Comments: This study affirms that retention in OAT following release is associated with reduced re-incarceration among former prisoners with opioid dependence. Although other investigations have shown that initiating OAT prior to release maximizes post-release treatment retention, the current study suggests active linkage to ongoing treatment is an essential component. Continuing or initiating OAT during incarceration is necessary but not sufficient to optimize post-release outcomes among opioid-dependent inmates; correctional systems and treatment providers must also provide transitional assistance to ensure that former inmates reach OAT programs after release.

Published In: Alcohol, Other Drugs, and Health: Current Evidence a project of the Boston Medical Center issue January/February 2012. Access checked 3/12/12. Peter D. Friedmann, MD, MPH

Original Source: Larney S, Toson B, Burns L, et al. Effect of prison-based opioid substitution treatment and post-release retention in treatment on risk of reincarceration. Addiction. 2012;107 (2):372–380.

Opioid Abuse Linked by Researchers to Mood and Anxiety Disorders

Individuals suffering from mood and anxiety disorders such as bipolar, panic and major depressive disorders may be more likely to abuse opioids, according to a new study led by researchers from the Johns Hopkins Bloomberg School of Public Health, who found that such disorders are highly associated with nonmedical prescription opioid use. The results are featured in a recent issue of the Journal of Psychological Medicine.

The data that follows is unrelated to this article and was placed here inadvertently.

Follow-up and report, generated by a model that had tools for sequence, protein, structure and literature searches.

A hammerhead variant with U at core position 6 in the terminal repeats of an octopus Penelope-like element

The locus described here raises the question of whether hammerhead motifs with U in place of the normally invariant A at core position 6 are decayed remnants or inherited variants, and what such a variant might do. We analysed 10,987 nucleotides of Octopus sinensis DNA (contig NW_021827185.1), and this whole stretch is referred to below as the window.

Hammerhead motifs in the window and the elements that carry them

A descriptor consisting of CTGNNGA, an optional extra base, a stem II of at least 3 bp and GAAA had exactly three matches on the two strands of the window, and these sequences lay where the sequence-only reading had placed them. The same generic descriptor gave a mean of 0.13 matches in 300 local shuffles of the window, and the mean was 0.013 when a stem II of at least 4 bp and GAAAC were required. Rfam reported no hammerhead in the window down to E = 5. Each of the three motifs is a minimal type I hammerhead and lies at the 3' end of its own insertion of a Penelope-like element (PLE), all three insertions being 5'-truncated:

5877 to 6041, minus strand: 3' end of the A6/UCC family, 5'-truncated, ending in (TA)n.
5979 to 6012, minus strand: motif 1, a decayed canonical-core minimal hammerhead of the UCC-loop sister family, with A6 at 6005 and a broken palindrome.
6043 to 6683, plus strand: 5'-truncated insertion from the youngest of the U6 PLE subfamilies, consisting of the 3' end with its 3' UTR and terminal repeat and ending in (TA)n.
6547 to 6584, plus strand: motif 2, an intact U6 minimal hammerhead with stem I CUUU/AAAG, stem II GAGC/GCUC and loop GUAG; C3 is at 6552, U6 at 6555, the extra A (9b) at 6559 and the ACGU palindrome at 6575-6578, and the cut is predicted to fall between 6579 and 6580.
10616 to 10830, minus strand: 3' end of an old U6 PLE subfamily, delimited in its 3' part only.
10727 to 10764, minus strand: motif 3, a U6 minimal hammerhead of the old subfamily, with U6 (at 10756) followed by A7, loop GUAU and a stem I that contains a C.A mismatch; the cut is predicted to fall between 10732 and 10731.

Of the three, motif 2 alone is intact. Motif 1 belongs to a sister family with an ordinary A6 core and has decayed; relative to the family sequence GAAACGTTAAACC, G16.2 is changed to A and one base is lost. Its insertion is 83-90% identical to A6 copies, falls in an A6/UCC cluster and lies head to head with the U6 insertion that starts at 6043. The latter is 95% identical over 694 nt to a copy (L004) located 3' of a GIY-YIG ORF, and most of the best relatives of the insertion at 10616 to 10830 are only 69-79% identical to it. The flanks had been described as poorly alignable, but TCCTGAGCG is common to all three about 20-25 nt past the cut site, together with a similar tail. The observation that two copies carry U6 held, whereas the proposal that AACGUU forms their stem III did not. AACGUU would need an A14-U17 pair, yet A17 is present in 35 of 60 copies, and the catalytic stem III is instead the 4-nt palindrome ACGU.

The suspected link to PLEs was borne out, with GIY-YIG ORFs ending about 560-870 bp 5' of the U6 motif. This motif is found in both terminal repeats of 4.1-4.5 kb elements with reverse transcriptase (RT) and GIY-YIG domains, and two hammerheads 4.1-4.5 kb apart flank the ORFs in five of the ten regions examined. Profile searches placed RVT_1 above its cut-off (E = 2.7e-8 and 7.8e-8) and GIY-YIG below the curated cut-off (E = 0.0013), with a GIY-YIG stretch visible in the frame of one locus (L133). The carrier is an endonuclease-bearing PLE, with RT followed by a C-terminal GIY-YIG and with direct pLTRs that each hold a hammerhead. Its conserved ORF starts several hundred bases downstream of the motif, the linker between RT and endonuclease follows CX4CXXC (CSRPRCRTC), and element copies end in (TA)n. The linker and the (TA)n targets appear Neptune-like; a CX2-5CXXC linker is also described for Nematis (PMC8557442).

For the study, researchers examined individuals with mood and anxiety disorders and their association with nonmedical prescription opioid use and opioid disorder.

“Lifetime nonmedical prescription opioid use was associated with the incidence of any mood disorder, major depressive disorder, bipolar disorder and all anxiety disorders. Nonmedical opioid-use disorder due to nonmedical prescription opioid use was associated with any mood disorder, any anxiety disorder, as well as with several incident mood disorders and anxiety disorders,” said Silvia Martins, lead author of the study and an associate scientist in the Bloomberg School’s Department of Mental Health.

“However, there is also evidence that the association works the other way, too,” she said. “Increased risk of incident opioid disorder due to nonmedical use occurred among study participants with baseline mood disorders, major depressive disorder, dysthymia and panic disorder, reinforcing our finding that participants with mood disorders might use opioids nonmedically to alleviate their mood symptoms. Early identification and treatment of mood and anxiety disorders might reduce the risk for self-medication with prescription opioids and the risk of future development of an opioid-use disorder.”

Using data from the National Epidemiologic Study on Alcohol and Related Conditions, a longitudinal face-to-face survey of individuals ages 18 years and older between 2001–2002 and 2004–2005, researchers assessed participants for a history of psychiatric disorders.